Flea Market Treasures – LOCC Blog

By Tanner Porter
October 9, 2023 

Our first month here in Louisville as a part of the LO (Louisville Orchestra) Creators Corps was a fantastic whirlwind. After arriving in late August, my fellow Creators and I launched wholeheartedly into introductions to both the Orchestra and the city, exploring the many beautiful venues, parks, and eateries that Louisville offers. 

In those first weeks, one of my favorite experiences was attending the Labor Day Flea at the Kentucky Expo Center. Anyone who knows me knows that I LOVE flea markets, thrift stores, or garage sales. You never know what you are going to find! And WOW was that the case at the Kentucky Flea, where I spied a true treasure out of the corner of my eye — a spectacularly large Waterphone.  

For those unfamiliar, a Waterphone is a metal percussion instrument made up of a resonator bowl and a protruding neck of tines, which are tuned to specific pitches. It is visually very beautiful— as much a sculpture as it is an instrument and is often used in film scores due to the strange and jarring sounds it can make when bowed or struck. When you pour water into the resonator bowl, the notes played can be bent and swirled to a haunting effect. 

I purchased this Flea Market Waterphone from a booth run by Griswold Rubbish Removal, who kindly supplied me with a bit of history on the instrument. The Waterphone had previously belonged to the Louisville Actors Theatre and had been used in several of their productions. I was delighted to learn about this instrument’s history in the Louisville arts scene and gleefully took it home. 

DESCRIPTION: I happily take the Waterphone home from the Kentucky Expo (photo courtesy of my very amused partner.)


DESCRIPTION: The Waterphone is in its new place of honor, in my living room! 

My favorite sound the Waterphone can create is a low, melancholy tone reminiscent of a whale call. It is this sound that I drew on for the music of “Kin,” a recent ballet choregraphed by Claudia Schreier and commissioned by the San Francisco Ballet. “Kin” involved months of incredibly meaningful artistic collaboration with Schreier, culminating with a premiere of the piece by the San Francisco Ballet back in January of 2023. Over many phone calls and email exchanges, Schreier and I shaped the arc of the score; Schreier’s brilliant artistic insights and kind encouragement pushed my abilities as an orchestrator and musical storyteller into new creative territories, and I am truly proud of the work that we were able to do together.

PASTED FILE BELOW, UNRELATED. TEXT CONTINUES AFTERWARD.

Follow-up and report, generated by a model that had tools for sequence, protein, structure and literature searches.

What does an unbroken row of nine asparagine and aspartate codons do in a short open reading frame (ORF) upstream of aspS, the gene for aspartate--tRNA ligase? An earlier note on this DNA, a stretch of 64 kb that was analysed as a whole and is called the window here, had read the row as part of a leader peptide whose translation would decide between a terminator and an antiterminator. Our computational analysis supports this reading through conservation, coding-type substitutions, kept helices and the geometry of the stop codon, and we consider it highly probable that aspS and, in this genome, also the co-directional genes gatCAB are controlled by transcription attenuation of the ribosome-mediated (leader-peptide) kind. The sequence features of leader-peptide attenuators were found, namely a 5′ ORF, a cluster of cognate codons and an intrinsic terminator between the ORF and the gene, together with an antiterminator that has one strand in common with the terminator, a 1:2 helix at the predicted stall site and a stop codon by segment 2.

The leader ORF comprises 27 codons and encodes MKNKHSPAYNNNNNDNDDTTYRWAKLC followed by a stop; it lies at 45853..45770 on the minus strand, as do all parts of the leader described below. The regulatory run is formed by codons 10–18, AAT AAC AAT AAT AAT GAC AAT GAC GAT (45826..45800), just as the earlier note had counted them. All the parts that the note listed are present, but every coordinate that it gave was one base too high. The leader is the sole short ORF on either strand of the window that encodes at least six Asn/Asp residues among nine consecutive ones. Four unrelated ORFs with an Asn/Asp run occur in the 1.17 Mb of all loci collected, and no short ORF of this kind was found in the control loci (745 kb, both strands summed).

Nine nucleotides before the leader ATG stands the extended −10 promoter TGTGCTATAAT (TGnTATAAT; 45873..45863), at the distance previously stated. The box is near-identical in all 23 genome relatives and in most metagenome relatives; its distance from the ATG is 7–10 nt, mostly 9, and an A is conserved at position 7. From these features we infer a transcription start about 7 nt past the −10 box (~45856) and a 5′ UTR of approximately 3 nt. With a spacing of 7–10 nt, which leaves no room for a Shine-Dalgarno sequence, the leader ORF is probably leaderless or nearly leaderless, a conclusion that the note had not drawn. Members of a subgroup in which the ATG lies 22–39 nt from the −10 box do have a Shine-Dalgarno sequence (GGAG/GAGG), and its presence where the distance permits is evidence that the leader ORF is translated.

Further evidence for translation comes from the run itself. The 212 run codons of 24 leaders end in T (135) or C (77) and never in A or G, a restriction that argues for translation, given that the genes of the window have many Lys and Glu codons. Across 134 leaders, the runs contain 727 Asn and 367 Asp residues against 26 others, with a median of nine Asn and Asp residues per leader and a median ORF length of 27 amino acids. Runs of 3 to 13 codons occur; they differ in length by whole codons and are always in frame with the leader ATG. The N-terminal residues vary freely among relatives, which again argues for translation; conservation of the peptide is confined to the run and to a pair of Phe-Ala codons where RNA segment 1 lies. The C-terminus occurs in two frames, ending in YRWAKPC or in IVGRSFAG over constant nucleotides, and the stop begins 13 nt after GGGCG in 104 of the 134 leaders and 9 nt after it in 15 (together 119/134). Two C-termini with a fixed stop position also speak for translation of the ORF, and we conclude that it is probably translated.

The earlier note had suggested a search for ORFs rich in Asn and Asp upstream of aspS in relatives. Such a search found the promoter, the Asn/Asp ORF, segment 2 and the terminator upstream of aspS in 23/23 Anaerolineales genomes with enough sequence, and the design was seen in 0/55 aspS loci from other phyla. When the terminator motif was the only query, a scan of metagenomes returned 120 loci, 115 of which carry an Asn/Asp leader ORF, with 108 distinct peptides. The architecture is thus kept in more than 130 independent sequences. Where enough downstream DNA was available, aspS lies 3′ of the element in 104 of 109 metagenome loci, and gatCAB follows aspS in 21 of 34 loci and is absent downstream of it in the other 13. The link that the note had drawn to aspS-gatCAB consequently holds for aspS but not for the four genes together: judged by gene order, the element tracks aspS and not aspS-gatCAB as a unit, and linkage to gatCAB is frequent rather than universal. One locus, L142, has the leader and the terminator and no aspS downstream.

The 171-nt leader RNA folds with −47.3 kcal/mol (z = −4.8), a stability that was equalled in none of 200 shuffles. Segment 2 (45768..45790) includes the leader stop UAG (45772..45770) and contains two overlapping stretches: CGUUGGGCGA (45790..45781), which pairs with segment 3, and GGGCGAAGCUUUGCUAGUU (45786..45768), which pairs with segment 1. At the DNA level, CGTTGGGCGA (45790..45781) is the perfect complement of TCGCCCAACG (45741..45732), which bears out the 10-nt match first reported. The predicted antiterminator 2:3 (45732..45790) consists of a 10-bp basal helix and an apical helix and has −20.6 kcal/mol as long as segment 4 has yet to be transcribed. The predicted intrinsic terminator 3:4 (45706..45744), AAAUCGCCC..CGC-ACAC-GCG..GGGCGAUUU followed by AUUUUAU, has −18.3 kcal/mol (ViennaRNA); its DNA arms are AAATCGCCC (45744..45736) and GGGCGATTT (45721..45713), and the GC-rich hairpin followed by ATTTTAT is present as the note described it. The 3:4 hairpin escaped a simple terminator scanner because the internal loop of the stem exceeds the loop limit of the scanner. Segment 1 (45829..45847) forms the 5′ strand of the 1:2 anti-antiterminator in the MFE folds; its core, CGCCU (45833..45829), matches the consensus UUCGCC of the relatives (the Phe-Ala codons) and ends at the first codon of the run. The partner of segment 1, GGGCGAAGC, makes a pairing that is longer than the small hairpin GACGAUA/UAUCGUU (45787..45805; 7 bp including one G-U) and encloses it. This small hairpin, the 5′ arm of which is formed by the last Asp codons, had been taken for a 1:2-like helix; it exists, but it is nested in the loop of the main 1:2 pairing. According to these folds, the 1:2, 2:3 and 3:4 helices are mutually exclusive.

In the score for “Kin,” I used the Waterphone and its whale-like tones as a private metaphor for echolocation. At different moments in the piece, the Waterphone is bowed, quietly calling out through the orchestra. A melody (the central musical theme of the ballet) responds, and the conversation between these two spurs along the emotional arc and narrative of the piece. This idea of echolocation translated into Schreier’s breathtaking choreography. Throughout the ballet, two lead female leads circle each other in shifting systems of power, navigating their relationships to the world around them and to one another, their choreography echoing back and forth. 

San Francisco Ballet in Schreier’s Kin // © Lindsay Thomas


“Kin” Photography © Lindsay Thomas (@lindsaythomasphoto). Photos courtesy of the San Francisco Ballet. Pictured: Dores André / WanTing Zhao / Aaron Robison / Isaac Hernández / Adrian Zeisel / Andris Kundzins / Ellen Rose Hummel / Isabella DeVivo / João Percilio da Silva / Lucas Erni / Mingxuan Wang / Norika Matsuyama / Olivia Brothers / Pemberley Ann Olson / Samantha Bristow / Steven Morse


These central ideas feel very appropriate to the theme of the Louisville Orchestra’s “Lasting Legacies” concerts. On October 13th and 14th, the LO will play an excerpt of “Kin” as a part of these concerts. Given its role in the score, I have asked if we can use the Waterphone, which I have just purchased for the concerts, and I have my fingers crossed that this little bit of Louisville history will make it back onto the stage.  

DESCRIPTION: I try my hand at playing the Waterphone.


The “Lasting Legacies” concerts feature incredible works by my fellow Creators, Nkeiru Okoye and Alex Berko, as well as a beautiful piano concert by Gabriel Kahane played by Jeffrey Kahane, and a wonderful piece by John Adams—all conducted by Maestro Teddy Abrams and executed by your Louisville Orchestra. 


Coffee Concert: Lasting Legacies
October 13 @ 11:00am
Whitney Concert Hall

NiteLites Concert: Lasting Legacies
October 13 @ 7:30 pm
Ogle Center

Classics Concert: Lasting Legacies
October 13 @ 7:30pm
Whitney Concert Hall


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